For a lot of us, the last time we picked up a pen and truly wrote something was in school. Writing is most definitely not like riding a bike - it is a skill that must be continually practised in order to remain proficient. But why is writing important? Using a keyboard is much quicker & easier, no?
In actuality, this is far from the truth. Multiple studies have shown that writing down information forces the brain to engage with it in a way that typing could not. The slower pace of writing naturally allows you to process and dissect your thought processes, and places the brain in 'optimal conditions for learning'. The science is clear - so how will this help declutter my head?
Journaling as a ritual
Ritualistic habits are the ones we find so difficult to break (for better or for worse) - if you drink a glass of wine on the couch every night at 9pm, the next time you place yourself in that environment you'll undoubtedly feel the urge for a drink. The same applies to journalling - when you start to write down your emotions and experiences on paper, you'll naturally begin to pick apart and reconstruct your ideas, often discovering things about yourself you weren't even conscious of.
When you set out a specific time or environment to journal each and every day (i.e, I'm going to journal every morning whilst I have my coffee), you'll associate the practice of journaling with tranquility and emotional release, making it a much more desirable activity to your brain. Burning sage is a pertinent example of this - there is no scientific evidence to support claims of detoxification of air or 'energy', yet the simple fact that these sage burners associate the act with a fresh start can often provide all the clarity they need.
How do I get started?
I made a point of buying a nice, sturdy A4 journal - quality paper isn't much of a premium but makes the world of difference to your writing experience. Then, every morning, I would write down what I planned to do for the day (my intentions), how my sleep was and how I am feeling today. On some days, I'd write 7 or 8 lines. On others, I'd fill the page. This is completely normal and a true reflection of life - sometimes there's just not that much going on, sometimes it is chaos.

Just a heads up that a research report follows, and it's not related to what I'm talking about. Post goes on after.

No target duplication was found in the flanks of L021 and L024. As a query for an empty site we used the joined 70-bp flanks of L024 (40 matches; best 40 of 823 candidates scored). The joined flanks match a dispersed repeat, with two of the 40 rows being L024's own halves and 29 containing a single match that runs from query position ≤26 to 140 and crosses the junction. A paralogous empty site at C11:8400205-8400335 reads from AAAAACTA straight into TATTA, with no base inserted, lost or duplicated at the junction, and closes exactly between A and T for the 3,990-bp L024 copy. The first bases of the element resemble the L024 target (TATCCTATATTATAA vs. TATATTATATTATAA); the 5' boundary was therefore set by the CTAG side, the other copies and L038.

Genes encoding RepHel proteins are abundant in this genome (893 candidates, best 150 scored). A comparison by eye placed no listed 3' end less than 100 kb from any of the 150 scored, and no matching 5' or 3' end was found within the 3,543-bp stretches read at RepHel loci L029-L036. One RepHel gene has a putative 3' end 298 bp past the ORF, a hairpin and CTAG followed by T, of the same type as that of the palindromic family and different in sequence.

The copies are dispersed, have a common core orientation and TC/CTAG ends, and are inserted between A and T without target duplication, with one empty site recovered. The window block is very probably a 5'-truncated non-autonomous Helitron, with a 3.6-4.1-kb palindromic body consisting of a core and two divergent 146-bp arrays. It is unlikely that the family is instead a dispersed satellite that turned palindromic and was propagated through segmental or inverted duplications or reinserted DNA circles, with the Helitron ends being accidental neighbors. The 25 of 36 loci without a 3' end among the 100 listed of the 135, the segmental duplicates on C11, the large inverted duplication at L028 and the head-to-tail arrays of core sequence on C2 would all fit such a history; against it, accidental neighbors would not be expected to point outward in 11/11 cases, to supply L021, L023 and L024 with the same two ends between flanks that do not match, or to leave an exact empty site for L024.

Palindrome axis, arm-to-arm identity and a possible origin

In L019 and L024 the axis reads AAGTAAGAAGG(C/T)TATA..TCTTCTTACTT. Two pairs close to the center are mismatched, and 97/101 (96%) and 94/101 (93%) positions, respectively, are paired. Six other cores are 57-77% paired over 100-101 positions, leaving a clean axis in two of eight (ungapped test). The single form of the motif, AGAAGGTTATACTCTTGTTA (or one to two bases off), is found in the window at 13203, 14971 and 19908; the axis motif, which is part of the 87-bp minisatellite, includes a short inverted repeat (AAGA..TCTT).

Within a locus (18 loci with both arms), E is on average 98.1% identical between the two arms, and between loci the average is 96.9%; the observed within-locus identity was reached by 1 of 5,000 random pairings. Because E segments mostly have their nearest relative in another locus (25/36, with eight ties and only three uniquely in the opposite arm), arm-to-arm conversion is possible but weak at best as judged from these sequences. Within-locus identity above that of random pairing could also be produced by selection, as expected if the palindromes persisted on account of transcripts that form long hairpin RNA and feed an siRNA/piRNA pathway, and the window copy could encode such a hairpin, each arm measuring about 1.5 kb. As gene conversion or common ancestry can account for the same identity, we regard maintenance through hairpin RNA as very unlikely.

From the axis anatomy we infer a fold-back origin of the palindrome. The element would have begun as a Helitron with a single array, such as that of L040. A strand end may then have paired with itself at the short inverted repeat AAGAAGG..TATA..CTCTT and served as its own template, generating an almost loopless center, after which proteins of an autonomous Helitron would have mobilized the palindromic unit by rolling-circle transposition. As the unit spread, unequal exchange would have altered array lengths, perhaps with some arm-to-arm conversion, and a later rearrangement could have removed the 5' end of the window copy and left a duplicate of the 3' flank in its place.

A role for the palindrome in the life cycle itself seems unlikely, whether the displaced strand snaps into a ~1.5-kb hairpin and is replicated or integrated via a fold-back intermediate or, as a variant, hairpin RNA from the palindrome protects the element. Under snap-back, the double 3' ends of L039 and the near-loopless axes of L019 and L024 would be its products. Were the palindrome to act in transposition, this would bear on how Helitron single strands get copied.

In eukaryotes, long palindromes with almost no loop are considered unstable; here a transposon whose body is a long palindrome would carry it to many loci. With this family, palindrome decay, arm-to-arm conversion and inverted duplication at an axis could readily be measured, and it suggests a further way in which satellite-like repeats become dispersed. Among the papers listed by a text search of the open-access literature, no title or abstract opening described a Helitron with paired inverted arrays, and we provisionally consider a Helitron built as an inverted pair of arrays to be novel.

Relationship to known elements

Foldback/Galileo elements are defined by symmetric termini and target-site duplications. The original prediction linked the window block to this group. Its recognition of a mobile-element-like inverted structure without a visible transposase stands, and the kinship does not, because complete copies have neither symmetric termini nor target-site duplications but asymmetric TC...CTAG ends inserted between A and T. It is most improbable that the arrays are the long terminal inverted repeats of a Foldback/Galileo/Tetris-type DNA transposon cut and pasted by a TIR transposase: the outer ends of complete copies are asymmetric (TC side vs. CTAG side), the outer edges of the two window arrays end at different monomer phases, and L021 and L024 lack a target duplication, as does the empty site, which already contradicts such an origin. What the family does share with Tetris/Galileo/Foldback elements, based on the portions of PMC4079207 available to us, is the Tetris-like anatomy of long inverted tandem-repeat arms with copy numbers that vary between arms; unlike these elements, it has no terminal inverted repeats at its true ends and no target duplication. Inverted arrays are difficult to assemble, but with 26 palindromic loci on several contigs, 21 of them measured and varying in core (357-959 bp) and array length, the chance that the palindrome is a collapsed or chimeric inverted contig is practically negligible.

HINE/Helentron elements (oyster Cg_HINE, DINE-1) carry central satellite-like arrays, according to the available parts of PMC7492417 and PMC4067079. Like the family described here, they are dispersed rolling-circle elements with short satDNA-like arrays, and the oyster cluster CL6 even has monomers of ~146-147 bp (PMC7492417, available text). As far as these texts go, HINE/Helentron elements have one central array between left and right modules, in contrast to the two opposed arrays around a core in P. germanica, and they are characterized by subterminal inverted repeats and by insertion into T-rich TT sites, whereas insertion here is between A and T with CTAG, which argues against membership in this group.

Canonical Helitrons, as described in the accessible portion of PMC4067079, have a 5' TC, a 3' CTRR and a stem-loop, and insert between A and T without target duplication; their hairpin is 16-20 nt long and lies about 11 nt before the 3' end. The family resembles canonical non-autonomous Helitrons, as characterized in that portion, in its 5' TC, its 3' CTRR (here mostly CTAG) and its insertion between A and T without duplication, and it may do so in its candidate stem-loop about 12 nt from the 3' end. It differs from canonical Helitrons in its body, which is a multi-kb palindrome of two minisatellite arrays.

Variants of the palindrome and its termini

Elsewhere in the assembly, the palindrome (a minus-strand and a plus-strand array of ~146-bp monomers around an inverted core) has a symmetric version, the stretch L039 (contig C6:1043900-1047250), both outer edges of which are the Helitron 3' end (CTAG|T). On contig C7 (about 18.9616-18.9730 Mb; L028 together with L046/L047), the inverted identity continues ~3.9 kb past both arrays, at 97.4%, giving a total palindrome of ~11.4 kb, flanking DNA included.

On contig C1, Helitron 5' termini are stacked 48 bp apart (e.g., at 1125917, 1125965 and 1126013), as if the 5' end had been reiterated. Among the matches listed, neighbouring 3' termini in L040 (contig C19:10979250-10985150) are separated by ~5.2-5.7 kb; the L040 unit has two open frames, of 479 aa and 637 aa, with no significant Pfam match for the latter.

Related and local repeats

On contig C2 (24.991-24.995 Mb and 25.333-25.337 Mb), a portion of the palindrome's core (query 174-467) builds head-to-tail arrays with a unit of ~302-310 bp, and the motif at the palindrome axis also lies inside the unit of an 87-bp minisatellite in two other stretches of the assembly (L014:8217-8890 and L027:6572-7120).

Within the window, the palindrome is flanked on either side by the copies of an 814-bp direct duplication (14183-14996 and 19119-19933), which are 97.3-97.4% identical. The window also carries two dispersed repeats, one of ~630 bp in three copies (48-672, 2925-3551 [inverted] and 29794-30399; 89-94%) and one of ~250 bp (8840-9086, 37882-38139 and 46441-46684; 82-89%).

Applying the concept of 'habit-chaining' popularised by James Clear has really helped me to adhere to writing every day - the basic principle is this: Find an activity that you already do, day-in, day-out. It could be brushing your teeth, getting dressed, or getting into bed. Then, commit to journaling immediately before, after or during (if possible) that task. That way, you're more time efficient and you get a weight off your chest - it's a win-win.
Remember, only you can see your Journal
When I first started to journal, I noticed that I was putting somewhat of a front on. Reading back, I was clearly projecting how I wanted myself to feel, instead of noting how I actually felt. Sometimes it can be difficult to bring some of your negative thoughts to life on a page - feelings are very different when you read them back, and so it is natural to have your guard up as you get into the swing of things. Remember, this journal is for you, so make sure you're brutally honest about how things are going.
Simply writing down your thoughts can bring some relief, but in order to truly progress you must review your journal at the end of each week. That way, you're able to get a better picture of how the week has went for you as a whole, and what negative or positive behaviours have influenced the productiveness of the week. Over larger time frames, you'll be able to see your shift in character and attitude as you continue to evolve your thinking skills.